Surfers against sewage petition parliament on plastic cups


PARLIAMENT: Taking the lead in reducing plastic waste would be a good thing for the United Kingdom Houses of Parliament. Start as you mean to go on, or admit that you could not give a fig. Either way the public who are opposed to marine litter will be able to gauge what the political mood is. The picture is of Hugo Tagholm (Surfers Against Sewage) with a model ship made of plastic marine litter. Nice one Hugo.



Surfers Against Sewage (SAS) is a marine conservation charity working with communities to protect oceans, waves, beaches and marine life. It was created in 1990 by a group of Cornish surfers from the villages of St Agnes and Porthtowan on the north coast of Cornwall.

Set up as a single-issue campaign group in 1990, Surfers Against Sewage led a nationwide campaign for improved water quality. Their campaign's success was helped by the privatization of English water companies in the late 1980s and key pieces of EU legislation including the Bathing Water Directive.

In 2012, Surfers Against Sewage was recognised as a national marine conservation charity focused on the protection of waves, oceans, beaches, marine wildlife and coastal communities.


Today the organisation represents an ever-expanding supporter base and campaigns on a diverse range of issues. SAS campaigns for both the UK’s coastal environment and the health of all surfers and other recreational waters users. Recently, SAS has expanded its remit into the protection of the wave resource and surfing spots through the Protect Our Waves (POW) campaign. Since 1990, SAS has secured a multitude of campaign successes on behalf of all water users.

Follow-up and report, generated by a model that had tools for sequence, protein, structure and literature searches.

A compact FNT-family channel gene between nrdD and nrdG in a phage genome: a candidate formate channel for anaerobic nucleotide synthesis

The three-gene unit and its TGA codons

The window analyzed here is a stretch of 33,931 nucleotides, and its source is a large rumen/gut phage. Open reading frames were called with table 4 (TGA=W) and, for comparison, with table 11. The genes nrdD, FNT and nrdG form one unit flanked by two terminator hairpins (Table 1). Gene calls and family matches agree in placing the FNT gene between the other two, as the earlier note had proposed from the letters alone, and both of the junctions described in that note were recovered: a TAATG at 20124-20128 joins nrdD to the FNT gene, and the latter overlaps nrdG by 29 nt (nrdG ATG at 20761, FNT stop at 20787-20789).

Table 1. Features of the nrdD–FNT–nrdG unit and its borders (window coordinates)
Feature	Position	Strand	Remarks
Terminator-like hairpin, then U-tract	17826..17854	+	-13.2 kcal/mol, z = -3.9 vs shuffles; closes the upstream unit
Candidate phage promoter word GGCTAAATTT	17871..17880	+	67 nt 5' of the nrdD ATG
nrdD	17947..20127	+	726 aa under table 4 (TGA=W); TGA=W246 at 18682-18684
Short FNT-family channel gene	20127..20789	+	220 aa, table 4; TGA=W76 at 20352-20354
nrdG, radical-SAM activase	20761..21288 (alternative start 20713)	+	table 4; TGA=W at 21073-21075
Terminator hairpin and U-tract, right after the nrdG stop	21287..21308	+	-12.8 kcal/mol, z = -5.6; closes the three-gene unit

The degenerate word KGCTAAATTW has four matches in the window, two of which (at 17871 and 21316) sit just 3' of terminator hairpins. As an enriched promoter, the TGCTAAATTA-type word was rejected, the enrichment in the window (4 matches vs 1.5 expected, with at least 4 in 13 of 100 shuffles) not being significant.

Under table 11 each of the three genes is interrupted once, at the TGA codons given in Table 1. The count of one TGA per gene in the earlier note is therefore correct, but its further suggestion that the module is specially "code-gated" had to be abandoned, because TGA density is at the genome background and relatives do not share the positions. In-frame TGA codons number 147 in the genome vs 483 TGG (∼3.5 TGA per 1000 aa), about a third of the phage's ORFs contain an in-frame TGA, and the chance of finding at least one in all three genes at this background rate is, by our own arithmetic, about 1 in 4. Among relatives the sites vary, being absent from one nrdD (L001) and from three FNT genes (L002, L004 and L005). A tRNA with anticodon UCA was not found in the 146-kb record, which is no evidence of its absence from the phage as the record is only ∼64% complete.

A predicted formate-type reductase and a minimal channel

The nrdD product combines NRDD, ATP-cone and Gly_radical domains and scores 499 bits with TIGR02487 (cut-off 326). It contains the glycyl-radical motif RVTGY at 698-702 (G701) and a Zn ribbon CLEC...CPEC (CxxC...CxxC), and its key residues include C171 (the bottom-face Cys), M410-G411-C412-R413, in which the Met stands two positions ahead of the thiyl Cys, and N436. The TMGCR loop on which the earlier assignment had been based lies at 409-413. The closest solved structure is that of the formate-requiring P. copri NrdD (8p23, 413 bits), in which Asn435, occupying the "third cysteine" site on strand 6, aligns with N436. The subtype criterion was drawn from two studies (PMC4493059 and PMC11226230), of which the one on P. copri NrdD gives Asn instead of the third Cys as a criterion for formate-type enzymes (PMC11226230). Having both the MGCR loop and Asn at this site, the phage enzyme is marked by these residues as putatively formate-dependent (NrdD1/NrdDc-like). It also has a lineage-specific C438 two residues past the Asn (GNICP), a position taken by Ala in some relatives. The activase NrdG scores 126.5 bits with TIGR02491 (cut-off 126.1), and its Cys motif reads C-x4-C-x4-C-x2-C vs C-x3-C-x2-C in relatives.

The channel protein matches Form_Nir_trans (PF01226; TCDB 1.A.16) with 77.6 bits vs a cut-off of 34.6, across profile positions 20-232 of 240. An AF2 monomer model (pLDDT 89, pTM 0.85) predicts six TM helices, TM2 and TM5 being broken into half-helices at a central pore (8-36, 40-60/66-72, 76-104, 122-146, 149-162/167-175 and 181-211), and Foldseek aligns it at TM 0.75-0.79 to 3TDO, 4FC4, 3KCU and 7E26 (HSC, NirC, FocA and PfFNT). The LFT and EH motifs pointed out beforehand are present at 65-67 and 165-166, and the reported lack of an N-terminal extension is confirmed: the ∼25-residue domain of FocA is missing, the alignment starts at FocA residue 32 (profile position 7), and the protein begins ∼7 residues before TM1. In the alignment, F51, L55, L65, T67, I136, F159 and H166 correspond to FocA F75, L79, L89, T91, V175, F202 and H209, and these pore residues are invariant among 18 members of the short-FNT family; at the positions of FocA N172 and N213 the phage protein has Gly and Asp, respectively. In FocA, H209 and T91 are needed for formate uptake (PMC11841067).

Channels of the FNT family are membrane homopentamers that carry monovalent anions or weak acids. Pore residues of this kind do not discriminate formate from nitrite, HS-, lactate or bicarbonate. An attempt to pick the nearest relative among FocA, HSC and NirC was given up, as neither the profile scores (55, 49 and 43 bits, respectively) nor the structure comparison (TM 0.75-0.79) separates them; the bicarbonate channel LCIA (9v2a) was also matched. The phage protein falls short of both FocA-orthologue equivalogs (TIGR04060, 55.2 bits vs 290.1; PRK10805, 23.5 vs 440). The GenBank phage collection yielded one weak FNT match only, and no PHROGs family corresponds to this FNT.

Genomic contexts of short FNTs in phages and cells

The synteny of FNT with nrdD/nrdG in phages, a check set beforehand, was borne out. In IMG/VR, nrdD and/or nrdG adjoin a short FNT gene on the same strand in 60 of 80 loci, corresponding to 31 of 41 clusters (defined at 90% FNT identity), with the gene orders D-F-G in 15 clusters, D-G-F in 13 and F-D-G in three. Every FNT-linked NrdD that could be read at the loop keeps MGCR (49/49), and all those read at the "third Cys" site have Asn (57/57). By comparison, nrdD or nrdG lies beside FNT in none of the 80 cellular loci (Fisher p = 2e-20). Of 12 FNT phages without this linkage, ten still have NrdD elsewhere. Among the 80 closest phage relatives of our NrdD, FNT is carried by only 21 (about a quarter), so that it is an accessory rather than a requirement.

Plastic Free Coastlines

More recently, Surfers Against Sewage have turned their attention to battling the new sewage - plastic pollution. Through national initiatives such as the Big Spring Beach Clean and the Autumn Beach Clean Series they hope to empower communities to protect their coastlines. Further up in the chain of events, SAS are using their Waves All-Party Parliamentary Group (APPG) to encourage politicians to explore and introduce policies to prevent plastic emissions from entering the environment.

Protect Our Waves

SAS launched the Protect Our Waves campaign to increase public awareness to the importance of waves in the socioeconomic fabric of many UK coastal communities. Behind the scenes SAS has been consistently representing surfers and waveriders on rights of access, and ensuring the wave resource is recognised and valued.






Campaigners are demanding that the UK parliament cuts its use of throwaway plastics, as new figures show the Westminster estate purchased more than 2m plastic straws, bottled drinks, plastic-lined coffee cups, food sachets and cutlery items last year.

Freedom of information requests submitted by Surfers Against Sewage show that hundreds of thousands of items of plastic cutlery, more than a million takeaway coffee cups and nearly 22,000 plastic straws were used last year in the Commons and Lords.

The figures were revealed as the Prince of Wales was set to give a speech describing the scale of plastic pollution of the ocean as a “nightmare” which was “set to get worse rather than better”.

The prince will call for local, national and global action to stop the flow of plastic into the seas. He will call on leading business figures, supermarkets, raw materials manufacturers, drinks companies and policymakers to cooperate to make their plastics more recyclable, reduce plastic production and recover as much plastic as possible from the world’s oceans.

Launching their campaign to make the UK parliament plastic-free Surfers Against Sewage called on individuals to lobby their MPs to reduce the throwaway plastic footprint of the House of Commons and House of Lords.